We mentioned that since we were making cheese outside there could be some complications. During both classes, there was an issue at this step. The pots of milk weren’t producing a “clean break” after the rennet did its job. Luckily though, we just gave it more time to work it’s magic and then it worked. It was just running on island time.

look at that clean break

Once the milk starts to solidify you can cut the curds with a long knife. You may also need to cut them horizontally with a spoon depending on the cheese that you’re making. I think everyone in both classes got excited about watching the strips of cheese curd wiggle around in the pot. It’s the simple things in life!

curds and whey

Over time, either with or without heat the curds will separate into a solid and a liquid. The liquid, called whey, will be drained off to leave you with those squishy cheese curds. One of the things Kate said during the class is that “cheese makes milk smaller”. This step is where that statement really makes sense! How cool, I had never really thought about it that way. She said the curds are typically only 1/8 the volume of the milk!

mostly just curds

Since we made Feta, Primo Sale and the Hawaiian Sunset Cheeses, the way you shape the curds was pretty different. When making Feta cheese, you scoop your curds into a fine cheese cloth and hang it up so the remaining liquid can drain out overnight. The Primo Sale curds would drain in a little plastic cheese basket for about 10 minutes and then they could be flavored with spices and loaded back into their cheese basket. The Sunset cheese gets its name from its colorful design. You can achieve this by coloring your curds before you press them into a form. These colorings can be made from beets, blueberries or using a food additive called annatto. Once your curds are pretty, you layer them into a cheese form that will need to be pressed.

using the cheese basket to drain the primo sale
adding the different colored curds to the form for the sunset cheese

The amount of time before these cheeses can be declared ready will also vary. Out of our three that we made the Primo Sale takes the least time. It was ready the next day to enjoy at breakfast. The Feta requires a couple days of flipping, salting, drying and aging. The Sunset cheese needs more equipment as it will be pressed into shape using weight.

sunset cheese after the first press of the curds

In order to see all the processes and stages of cheese making, Kate had prepared some advanced samples of each. This is a great way to be involved from start to finish when you are only in class for a few hours. We even got to see the sunset cheese being brined once it was already hard enough to come out of the cheese press.

Neil waxing his cheese

One of the other cheese making steps we were able to try out was “waxing the cheese”. Neil and I had done this in our first cheesemaking class with Kate but we got to do it again at the retreat. We’d add a few layers of food grade wax around the sunset cheese in order to help preserve it while it ages. The wax we used was orange and made a great finishing touch on this cheese! It was also super helpful that Kate had some small versions of this sunset cheese that she made and aged in advance so we could take part in this step.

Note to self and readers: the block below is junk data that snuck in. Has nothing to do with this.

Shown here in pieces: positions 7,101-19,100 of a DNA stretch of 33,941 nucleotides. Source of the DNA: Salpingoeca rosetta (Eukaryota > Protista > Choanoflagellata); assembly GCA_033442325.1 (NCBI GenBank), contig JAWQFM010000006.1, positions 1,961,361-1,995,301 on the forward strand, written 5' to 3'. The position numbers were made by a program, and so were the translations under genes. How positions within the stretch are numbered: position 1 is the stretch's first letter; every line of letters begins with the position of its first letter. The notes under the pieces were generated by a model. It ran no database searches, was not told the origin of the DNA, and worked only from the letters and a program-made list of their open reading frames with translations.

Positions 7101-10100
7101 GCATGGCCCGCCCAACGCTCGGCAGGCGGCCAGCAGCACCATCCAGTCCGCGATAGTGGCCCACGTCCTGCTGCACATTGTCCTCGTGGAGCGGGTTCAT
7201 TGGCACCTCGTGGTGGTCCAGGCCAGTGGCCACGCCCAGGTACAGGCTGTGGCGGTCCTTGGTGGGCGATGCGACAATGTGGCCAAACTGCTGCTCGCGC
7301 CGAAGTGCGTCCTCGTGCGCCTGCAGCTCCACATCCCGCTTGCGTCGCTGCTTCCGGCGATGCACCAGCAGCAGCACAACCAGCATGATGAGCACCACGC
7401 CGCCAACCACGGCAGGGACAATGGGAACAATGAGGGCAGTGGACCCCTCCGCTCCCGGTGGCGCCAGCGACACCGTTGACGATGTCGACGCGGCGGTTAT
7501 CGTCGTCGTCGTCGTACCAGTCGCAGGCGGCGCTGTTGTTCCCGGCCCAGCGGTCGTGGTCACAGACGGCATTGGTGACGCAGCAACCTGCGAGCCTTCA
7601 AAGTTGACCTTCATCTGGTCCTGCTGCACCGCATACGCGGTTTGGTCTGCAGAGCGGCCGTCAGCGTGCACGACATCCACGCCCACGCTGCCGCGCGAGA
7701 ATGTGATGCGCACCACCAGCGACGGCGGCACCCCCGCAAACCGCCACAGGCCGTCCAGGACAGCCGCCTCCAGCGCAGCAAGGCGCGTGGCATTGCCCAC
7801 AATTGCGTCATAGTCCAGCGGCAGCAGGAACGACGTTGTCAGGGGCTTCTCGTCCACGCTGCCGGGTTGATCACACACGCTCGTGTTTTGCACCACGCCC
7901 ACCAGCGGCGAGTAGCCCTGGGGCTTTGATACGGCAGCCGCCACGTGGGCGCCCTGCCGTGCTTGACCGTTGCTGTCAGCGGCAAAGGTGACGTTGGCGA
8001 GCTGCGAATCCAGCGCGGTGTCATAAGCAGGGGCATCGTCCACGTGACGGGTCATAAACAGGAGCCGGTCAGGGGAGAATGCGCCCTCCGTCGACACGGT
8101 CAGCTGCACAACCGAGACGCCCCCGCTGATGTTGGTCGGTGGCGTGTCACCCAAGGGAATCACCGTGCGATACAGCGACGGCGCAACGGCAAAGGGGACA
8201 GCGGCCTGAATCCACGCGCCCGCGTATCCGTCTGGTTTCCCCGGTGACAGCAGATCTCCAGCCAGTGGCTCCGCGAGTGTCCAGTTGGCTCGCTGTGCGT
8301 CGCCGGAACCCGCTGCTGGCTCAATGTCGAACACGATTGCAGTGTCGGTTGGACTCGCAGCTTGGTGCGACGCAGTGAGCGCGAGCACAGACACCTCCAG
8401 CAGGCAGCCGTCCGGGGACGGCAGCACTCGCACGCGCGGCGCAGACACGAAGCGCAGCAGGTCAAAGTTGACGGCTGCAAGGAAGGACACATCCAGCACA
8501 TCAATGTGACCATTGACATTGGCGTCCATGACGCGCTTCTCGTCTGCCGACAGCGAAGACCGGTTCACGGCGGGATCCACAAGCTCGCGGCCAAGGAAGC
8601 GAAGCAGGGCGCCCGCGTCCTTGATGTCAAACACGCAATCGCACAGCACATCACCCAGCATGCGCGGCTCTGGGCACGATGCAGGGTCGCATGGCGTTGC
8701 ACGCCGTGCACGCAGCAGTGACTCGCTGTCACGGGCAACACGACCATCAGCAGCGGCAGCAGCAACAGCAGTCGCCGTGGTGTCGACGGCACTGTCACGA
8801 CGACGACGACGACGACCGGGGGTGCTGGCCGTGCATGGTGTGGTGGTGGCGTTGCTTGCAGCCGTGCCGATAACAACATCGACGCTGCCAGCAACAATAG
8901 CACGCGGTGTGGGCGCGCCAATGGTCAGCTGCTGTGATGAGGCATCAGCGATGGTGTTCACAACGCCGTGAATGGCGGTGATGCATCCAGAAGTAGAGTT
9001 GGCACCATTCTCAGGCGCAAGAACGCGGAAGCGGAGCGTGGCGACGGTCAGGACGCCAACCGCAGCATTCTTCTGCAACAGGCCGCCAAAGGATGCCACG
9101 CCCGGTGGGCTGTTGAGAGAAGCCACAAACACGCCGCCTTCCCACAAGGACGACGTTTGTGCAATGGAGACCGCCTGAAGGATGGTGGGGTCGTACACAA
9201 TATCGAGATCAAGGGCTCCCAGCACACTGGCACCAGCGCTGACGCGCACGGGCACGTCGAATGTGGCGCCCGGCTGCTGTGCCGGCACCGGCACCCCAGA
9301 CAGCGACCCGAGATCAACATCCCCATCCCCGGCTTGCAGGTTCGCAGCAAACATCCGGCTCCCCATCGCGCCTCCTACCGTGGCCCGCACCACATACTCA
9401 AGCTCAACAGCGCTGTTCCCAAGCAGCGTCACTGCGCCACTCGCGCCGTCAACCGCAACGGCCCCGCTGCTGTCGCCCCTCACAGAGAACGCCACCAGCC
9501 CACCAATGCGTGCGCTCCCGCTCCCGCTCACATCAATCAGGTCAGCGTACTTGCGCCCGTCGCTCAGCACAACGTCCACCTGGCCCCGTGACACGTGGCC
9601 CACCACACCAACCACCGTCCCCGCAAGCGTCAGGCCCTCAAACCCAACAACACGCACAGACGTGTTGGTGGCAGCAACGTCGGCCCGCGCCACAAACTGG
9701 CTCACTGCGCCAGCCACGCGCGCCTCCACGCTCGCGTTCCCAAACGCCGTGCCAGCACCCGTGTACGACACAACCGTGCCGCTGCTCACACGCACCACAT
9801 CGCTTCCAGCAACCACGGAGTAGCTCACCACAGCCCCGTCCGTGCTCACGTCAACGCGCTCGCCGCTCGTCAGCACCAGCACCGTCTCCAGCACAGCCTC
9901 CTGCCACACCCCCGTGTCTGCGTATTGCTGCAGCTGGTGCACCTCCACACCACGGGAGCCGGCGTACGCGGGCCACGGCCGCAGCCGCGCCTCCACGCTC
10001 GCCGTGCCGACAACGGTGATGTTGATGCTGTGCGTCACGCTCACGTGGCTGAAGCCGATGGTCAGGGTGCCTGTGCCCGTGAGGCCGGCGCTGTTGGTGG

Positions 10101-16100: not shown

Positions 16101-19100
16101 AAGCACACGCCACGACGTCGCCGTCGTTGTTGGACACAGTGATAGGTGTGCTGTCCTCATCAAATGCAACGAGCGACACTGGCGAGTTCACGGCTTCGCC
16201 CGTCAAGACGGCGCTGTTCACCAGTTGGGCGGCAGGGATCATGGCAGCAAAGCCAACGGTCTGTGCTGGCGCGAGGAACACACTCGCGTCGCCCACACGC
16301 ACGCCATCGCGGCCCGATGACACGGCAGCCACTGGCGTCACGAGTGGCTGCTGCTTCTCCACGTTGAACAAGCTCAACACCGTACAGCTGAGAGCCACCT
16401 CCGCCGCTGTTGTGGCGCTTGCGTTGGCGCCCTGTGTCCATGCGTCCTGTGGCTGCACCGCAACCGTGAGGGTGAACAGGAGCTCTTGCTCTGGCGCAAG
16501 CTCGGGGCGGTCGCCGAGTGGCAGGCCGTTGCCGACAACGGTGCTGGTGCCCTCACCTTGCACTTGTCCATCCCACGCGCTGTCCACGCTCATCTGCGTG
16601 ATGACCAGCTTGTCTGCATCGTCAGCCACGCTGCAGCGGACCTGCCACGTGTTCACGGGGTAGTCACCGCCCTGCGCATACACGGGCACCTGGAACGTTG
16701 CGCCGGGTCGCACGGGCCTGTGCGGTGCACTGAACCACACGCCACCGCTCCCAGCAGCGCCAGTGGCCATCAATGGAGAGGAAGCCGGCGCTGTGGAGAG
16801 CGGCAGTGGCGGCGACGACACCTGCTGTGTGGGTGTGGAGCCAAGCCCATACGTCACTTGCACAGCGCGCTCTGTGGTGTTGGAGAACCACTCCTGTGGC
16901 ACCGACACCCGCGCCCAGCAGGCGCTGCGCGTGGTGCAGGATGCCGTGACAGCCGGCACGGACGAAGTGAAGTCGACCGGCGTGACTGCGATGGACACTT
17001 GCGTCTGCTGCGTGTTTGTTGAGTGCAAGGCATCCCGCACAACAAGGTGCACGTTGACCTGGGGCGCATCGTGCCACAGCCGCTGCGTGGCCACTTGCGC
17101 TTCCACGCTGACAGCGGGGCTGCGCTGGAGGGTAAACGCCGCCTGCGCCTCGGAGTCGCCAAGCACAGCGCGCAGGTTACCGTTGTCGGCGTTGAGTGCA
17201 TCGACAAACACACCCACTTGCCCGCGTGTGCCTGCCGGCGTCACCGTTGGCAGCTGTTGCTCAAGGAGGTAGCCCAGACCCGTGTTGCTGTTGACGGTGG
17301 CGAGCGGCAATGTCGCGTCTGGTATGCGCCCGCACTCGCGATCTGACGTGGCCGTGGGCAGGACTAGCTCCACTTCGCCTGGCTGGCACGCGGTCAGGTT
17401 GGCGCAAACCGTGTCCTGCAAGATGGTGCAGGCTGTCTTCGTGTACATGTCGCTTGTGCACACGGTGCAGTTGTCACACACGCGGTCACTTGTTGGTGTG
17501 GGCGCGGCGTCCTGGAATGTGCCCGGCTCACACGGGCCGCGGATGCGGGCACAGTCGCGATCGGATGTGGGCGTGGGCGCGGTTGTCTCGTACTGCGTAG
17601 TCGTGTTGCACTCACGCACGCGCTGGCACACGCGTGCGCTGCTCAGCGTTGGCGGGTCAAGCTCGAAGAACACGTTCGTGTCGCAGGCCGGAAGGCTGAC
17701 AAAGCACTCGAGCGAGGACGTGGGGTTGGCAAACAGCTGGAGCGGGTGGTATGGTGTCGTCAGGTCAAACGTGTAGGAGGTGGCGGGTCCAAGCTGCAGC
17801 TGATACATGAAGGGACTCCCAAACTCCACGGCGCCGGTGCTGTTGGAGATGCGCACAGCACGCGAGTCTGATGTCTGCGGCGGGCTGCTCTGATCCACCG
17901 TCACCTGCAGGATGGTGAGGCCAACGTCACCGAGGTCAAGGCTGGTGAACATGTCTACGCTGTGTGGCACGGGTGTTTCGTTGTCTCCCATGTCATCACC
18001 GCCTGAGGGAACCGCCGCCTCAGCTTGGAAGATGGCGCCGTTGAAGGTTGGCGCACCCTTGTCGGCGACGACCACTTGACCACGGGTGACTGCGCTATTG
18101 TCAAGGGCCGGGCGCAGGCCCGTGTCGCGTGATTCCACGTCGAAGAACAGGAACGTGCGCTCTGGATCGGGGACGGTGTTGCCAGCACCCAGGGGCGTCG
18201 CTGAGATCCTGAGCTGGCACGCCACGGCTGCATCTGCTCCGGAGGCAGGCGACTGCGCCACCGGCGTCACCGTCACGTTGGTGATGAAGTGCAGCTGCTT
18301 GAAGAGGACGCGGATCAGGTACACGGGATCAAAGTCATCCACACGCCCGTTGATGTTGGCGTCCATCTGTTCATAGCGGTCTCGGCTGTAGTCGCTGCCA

A way of preserving your feta cheese is to marinate your cheese in oil. We’ve had cheese in oil before and of course it’s delicious,! Neil chose to put his feta in chili oil and I had mine in macadamia oil.

our oils to help preserve our feta cheese
marinated feta cheeses and primo sale

With any cooking class, the best part is that you get to eat what you make so we have some tasting notes for you too about each one. Although we had our own versions of the cheese in our room, Kate provided samples for all of us to try at the final class, so we got to save ours to eat whenever we chose.

tasting the primo sale in class
tasting the sunset cheese in class

The Primo Sale was milky with a soft texture. When we made it, she did tell us that the milk flavor typically stands out in this cheese so that’s why it’s a cheese that she’d typically choose to use a high quality milk. The Feta had a harder texture than the first. I thought it tasted really good and didn’t find it all that salty. The sunset cheese had a funky aroma but a more mild flavor with a milky finish.

It was wonderful to be able to make cheese again! We were able to reinforce some of the skills we had learned before as well as get us excited about doing it again sooner than later. So glad we were able to take part in the cheesemaking portion of the Savor Hawaii retreat. And of course, we enjoyed the rest of the week too!

tasting our cheese by the pool

I’m sure you’ve guessed it but when we had a chance to try our marinated cheeses and primo sale by the pool, they were wonderful. And they provided a little bit to nibble on when we had some tropical drinks. Another very important part of any Hawaiian getaway!

one of our tasty tropical drinks
Intermediate Cheesemaking